Josh Frydenberg, Australia’s national resource minister, is dodging the sober facts of the country’s energy-production sector when he goes public the way he did this week with a buoyant message that ignores the truth of the matter.
Frydenberg, in a speech to the National Press Club, portrayed the sector as a “living, breathing modern success story” in a pitch that clearly confused earnings with revenues. Granted, Australia’s export revenues are at a record high, but the profitability of its resource and energy sector is hitting record lows. This is evident everywhere across the industry.
Frydenberg said he wants to “dispel the fallacy” that the sector is in trouble, but his spin rings hollow. Net profit margins among producers of iron ore, coking coal, thermal coal, and liquid natural gas speak much louder of what’s actually happening. So do the vast recent coal and gas investment write-offs by BHP Bilton, Anglo American, Peabody Energy, Glencore, and Rio Tinto, not to mention the collapse in the stock prices of these companies.
“Fallacy” is not the problem.
The Australian energy industry is in a world of pain, as epitomized by Anglo American’s report this week of a US$5.6 billion net loss in 2015 along with the announcement that it will eliminate 85,000 jobs. The news came just as Goldman Sachs published a forecast that sees the permanent, structural decline of the thermal coal trade and a new long-term price target of US$42.50 per ton, suggesting an additional 20 percent collapse in price over the next few years.
Coal is not the future, and the economy of Australia, frankly, stands to gain more from sustainable industries like agriculture, wine production and tourism.
Frydenberg went so far as to misconstrue India Energy Minister Piyush Goyal’s assertion that India will burn more coal to meet its energy demands, interpreting that intention as a signal that the second-most populous country in the world will rely on Australia for more thermal coal (India will rely on more Australian coking coal imports). This translation ignores the second piece of Goyal’s coal strategy—a doubling of domestic Indian thermal coal production in a move to cease thermal coal imports altogether. Indeed, the policy Goyal described is why Indian coal imports are down 16.5 percent year on year in the 10 months to January.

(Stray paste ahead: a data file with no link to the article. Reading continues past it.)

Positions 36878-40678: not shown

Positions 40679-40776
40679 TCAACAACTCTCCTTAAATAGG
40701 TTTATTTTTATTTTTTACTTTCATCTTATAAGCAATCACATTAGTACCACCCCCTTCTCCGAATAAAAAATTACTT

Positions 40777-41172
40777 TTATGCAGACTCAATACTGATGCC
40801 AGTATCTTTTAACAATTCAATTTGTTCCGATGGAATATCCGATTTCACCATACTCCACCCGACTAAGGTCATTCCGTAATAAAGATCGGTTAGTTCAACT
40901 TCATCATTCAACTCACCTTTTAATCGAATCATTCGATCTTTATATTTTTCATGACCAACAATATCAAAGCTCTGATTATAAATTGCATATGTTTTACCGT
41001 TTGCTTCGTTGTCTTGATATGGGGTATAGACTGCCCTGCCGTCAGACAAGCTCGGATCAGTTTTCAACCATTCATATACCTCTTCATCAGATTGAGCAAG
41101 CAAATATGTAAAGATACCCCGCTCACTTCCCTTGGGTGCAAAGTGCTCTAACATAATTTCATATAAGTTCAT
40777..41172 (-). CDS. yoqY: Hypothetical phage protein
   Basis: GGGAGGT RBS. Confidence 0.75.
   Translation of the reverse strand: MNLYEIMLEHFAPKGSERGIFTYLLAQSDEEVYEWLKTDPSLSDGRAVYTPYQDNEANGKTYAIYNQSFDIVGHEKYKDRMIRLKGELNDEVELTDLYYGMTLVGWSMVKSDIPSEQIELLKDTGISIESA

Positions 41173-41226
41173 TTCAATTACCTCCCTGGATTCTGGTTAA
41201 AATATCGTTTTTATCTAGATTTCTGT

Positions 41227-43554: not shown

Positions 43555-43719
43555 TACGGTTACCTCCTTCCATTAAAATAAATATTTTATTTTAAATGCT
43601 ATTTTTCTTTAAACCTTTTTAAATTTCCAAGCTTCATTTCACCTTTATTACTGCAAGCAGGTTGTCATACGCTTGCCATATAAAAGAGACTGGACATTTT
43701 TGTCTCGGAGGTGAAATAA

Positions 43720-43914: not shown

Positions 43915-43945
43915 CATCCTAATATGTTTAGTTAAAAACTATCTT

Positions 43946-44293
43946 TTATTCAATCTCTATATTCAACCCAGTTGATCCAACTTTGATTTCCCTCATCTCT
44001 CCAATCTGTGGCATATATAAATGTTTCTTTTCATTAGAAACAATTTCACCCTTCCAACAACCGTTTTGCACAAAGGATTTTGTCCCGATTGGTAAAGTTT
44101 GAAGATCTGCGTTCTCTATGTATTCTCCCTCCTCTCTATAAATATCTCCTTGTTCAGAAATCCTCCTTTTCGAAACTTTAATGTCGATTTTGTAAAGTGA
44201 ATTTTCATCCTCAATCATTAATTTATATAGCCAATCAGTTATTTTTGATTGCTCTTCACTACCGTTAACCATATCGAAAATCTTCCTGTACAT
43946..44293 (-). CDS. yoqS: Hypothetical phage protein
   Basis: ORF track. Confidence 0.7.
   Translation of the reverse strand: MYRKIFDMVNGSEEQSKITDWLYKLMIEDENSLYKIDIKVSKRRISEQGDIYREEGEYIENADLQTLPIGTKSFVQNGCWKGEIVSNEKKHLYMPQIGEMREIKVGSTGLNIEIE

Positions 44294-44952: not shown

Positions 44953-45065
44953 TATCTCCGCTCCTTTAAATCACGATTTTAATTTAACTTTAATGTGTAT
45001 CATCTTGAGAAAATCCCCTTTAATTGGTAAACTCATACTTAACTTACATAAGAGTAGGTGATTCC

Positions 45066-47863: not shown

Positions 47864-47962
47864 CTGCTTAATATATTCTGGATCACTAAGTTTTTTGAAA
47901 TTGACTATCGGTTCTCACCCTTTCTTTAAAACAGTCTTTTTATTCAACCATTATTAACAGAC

Frydenberg also lowballs India’s push into renewables, saying the government of India seeks to double its investment there while in fact it aims to increased renewables to 175GW by 2022 from the 31.6GW of RE as of March 2015.
Goyal was in Australia last week articulating how he is busy implementing a seven-year plan to modernize Indian electricity sector into a system designed for the present, not the past. This ambition does not bode well for coal.
Meantime the government of India is out with a solar-development update that has total solar capacity reaching 5.25 gigawatts of cumulative installs by March, with 1.5 gigawatts installed in the first 10 months of the 2015/16 financial year. The Ministry of New and Renewable Energy expects total installs in the 2015/16 year to reach 3.79 gigawatts, exceeding 300 percent year-on-year growth over the 1 gigawatts of installs achieved in the full 2014/15 year. Clearly, the ministry expects a strong completion of the 2015/16 year, with a total of 3.79 gigawatts to be commissioned in this 12-month period. While this sounds optimistic on its face, comments by the CEO of Adani Green Energy suggest that that company alone is on track to commission almost 600 megawatts over this two-month period. Total cumulative installs are forecast to reach 7.53 gigawatts by the end of March.
The Ministry of New and Renewable Energy exports sees solar installs in 2016/17 showing an additional 300 percent year-on-year growth to 12.16 gigawatts, tripling India’s cumulative installs to-date in just one year.
IEEFA has forecast 260 percent year-over-year growth to 2.6 gigawatts of new installs in 2015/16. Our assumption has been that the rate of growth would decelerate and support only a doubling in 2016/17 to 6.0 gigawatts of additions (half the Ministry of New and Renewable Energy’s latest target). As such, there is significant upside surprise potential to us (and to the financial markets in general) should the current rate of growth continue. All signs to date indicate that such an outcome is increasingly likely.
Tim Buckley is IEEFA’s director of energy finance, Australasia.